Senate must act to stop militant thugs crippling building sites

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11 August 2015

Master Electricians Australia today urged the Senate to pass the Federal Government’s laws to reinstate the Australian Building and Construction Commission (ABCC) when the matter is brought to a vote in coming weeks.

MEA Manager – Workplace Policy Jason O’Dwyer welcomed media reports today that the Government planned to reintroduce the laws to protect workers and employers on building sites from industrial thuggery.

Mr O’Dwyer said the Government had taken its commitment to restore the ABCC to the last election, and clearly had a mandate to bring an end to unlawful activities in the construction sector.

“The ongoing Royal Commission has heard some truly frightening accounts of unlawful standover tactics, threats of violence and bullying behaviour on the nation’s building sites,” Mr O’Dwyer said.

“Many of these claims have been supported by video evidence, and we know from our members that there are many more examples of this behaviour that is not caught on camera. Many of the perpetrators are union organisers and delegates who are no longer even under the control of their own union bosses.

“The simple fact is that thuggish and unlawful behaviour on building sites is crippling productivity in the industry, and while very large contractors may be able to withstand the financial costs, it is having a massive impact on smaller contractors.”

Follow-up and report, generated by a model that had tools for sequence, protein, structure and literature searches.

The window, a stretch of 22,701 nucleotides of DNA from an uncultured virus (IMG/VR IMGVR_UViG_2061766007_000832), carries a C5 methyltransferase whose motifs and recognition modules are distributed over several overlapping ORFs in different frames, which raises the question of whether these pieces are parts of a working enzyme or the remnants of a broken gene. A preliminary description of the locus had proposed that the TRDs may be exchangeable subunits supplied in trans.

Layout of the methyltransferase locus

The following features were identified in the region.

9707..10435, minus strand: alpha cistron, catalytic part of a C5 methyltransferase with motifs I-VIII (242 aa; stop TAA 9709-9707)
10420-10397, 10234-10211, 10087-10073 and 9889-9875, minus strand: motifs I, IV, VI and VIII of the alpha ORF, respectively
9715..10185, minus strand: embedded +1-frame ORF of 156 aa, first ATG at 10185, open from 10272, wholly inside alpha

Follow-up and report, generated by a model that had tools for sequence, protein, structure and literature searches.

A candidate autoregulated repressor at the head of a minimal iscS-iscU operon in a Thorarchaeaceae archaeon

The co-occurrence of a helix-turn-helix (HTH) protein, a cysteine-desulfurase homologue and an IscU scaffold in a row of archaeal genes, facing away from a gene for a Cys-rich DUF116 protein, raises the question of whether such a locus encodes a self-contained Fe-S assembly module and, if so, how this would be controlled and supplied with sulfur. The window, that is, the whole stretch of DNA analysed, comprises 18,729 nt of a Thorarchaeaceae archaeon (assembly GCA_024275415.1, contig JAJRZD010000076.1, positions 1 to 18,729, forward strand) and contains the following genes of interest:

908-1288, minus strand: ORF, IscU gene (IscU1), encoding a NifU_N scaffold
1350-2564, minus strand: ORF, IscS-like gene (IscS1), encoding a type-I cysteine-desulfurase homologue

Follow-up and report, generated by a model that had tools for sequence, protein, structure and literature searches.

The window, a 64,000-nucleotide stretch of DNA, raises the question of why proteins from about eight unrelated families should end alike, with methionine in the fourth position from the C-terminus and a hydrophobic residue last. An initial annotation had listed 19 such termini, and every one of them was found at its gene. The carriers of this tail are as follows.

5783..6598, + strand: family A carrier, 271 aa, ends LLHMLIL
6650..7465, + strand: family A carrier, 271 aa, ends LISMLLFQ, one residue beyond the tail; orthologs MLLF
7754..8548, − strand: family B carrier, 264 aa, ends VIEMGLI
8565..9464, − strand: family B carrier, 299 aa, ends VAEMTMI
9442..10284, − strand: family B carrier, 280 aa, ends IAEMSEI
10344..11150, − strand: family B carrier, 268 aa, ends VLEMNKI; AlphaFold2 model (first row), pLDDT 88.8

Mr O’Dwyer said the proposed powers contained within the legislation were not new in the Australian context, and were already available to other government agencies such as Centrelink, the ACCC, ASIC and the ATO.

“So it’s simply a nonsense to suggest that the Government is singling out the building sector for special treatment. There are powers available to ensure that laws and good corporate practices are followed across all industries.

“It is only the construction sector where law-abiding workers and business owners are being stood over, verbally abused and physically menaced while trying to go about their work. Those people are sick of being singled out in their workplaces by lawless thugs, and they are urging the Parliament to protect them.”

Mr O’Dwyer said that Master Electricians Australia’s requests for meetings with cross-bench Senators to discuss the issue had fallen on deaf ears in many cases.

“Some Senators have ignored our requests to meet with our members and hear first-hand what is taking place on work sites across the country. It makes us wonder where they are getting their information from.”

Jason O’Dwyer is available for interviews. Contact SAS Media & Communications on 07 3171 2960

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